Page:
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This was an exceptional novel. It is set in Odessa, TX in the 1970's and each chapter is narrated by a different woman involved in the story which was really interesting. Also, the style of writing, which I had to get used to once I started reading, was different because the author does not use quotation marks for dialogue as it is just part of the flow of descriptive words and thoughts each character has--made it very interesting. The story is about Gloria, a 14 year old Mexican girl who is brutally and violently raped by a man older than her and how this one event affects not only her but the entire community. There is not a lot of tolerance for the Mexican population and racism and bigotry are rampant. Everyone has their own opinion, and as the story plays out, the consensus of the townspeople really shows especially when the verdict is read regardless of what the victim says and what really happened. A moving, descriptive, fascinating and powerful book that will definitely soon be a popular choice for readers. An amazing debut novel. Definitely looking forward to her next book!!  Thanks to NG for the ARC!!!!
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Odessa, Texas in 1976 isn’t an easy place to make a living, especially if you’re a woman. You are expected to know your place, and woe be to the few that dare to challenge the status quo. The terrain is rough and unforgiving, the oil boom is taking its toll on the residents, and a shocking and violent crime against a 14 year old local girl sends reverberations all throughout the town. This sweeping tale is told by different residents and how the effects of this crime seep into their lives. ⁣
The author infuses her debut novel with a lyrical prose, beautifully detailing the Texas landscape, and her characters. You feel the longing that each character harbors and the weight of words untold. Each female narrator is unique and when their chapter ended, I eagerly anticipated their next passage. There was no need for a male perspective in this book, especially once you read about the many misdeeds done by the men of Odessa; you are made clearly aware of their feelings and how they would taint the story to fit their own narrative in their favor. ⁣
My only complaint about this book was how unprepared I was for the ending. I thought I had more pages to go and I was already on the final page. I became heavily invested in several characters, particularly Glory and Mary Rose, and I longed for another chapter from them. I look forward to reading Elizabeth Wetmore’s next book
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Thanks to Netgalley for the ARC of this book. This was a hard to read book at times, due to subject matter, but it pulled you in and the story was wonderfully written. Will definitely recommend to others.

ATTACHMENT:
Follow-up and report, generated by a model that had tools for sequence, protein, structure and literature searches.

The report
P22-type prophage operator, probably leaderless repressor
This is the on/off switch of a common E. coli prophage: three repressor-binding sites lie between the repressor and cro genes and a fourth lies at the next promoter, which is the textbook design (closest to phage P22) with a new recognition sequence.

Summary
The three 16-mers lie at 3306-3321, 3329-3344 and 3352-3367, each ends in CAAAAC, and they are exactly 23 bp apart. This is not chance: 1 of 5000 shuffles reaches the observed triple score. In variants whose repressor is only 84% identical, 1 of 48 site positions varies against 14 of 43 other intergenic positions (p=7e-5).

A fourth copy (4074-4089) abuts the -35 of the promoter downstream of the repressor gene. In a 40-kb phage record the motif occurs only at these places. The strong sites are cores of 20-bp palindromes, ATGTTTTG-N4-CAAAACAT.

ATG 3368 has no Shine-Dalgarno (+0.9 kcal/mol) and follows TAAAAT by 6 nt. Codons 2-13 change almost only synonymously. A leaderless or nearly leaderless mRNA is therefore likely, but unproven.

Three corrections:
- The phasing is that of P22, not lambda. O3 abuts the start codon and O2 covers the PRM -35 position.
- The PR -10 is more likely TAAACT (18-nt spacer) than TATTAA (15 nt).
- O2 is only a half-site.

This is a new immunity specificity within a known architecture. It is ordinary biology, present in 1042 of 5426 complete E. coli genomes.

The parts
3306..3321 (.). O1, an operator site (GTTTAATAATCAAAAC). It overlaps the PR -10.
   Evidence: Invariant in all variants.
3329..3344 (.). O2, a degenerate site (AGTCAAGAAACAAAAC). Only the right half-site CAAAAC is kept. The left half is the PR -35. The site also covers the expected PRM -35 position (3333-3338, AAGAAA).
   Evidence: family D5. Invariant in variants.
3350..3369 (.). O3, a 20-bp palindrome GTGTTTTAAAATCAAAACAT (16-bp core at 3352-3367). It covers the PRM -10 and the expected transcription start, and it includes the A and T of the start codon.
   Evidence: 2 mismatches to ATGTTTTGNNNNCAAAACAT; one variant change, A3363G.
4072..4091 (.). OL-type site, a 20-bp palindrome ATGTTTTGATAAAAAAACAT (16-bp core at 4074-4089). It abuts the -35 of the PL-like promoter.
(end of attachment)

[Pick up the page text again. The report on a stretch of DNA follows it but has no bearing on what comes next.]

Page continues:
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An interesting look at how a small town deals with assault, racism, and discrimination. The book jumps from the perspective of many different characters in the novel. It wasn't until I finished the book that I realized that every chapter is from the perspective of a female character and the novel is mainly focused around female relationships and interactions, which I really liked. I do feel that we at the end of the book, the one character I didn't feel like I knew as well as I should was Gloria (Glory) Ramirez. I enjoyed the writing style very much and I would definitely read more from this author in the future.
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Could not finish. Not my cup of tea so Ih ad to give up. Could not finish. Not my cup of tea so I ad to give up.Could not finish. Not my cup of tea so I ad to give up.Could not finish. Not my cup of tea so I ad to give up.
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4.5/5 stars

Valentine is a haunting exploration of the intersections of violence and race, class and region in a story that plumbs the depths of darkness and fear, yet offers a window into beauty and hope.

This is an astonishing debut. The language is evocative and haunting. I could not stop reading, and at the same time did not want the book to end. And there were definitely parts where I was afraid to keep reading for fear that something awful was about to happen to one of the characters.

Valentine is set in small oil town Texas in February - late summer 1976. The opening chapter is heartbreaking and haunting and sets the stage for the rest of the book. The book is told from alternating viewpoints of women (and girls - because some really are still girls) and is about how the brutal rape of one teen forever changes all of the women in town. But more than that, this book is about the strength and resilience, and ultimately hope, of women and girls in the face of adversity.

Thank you to NetGalley for the ARC in exchange for my honest review.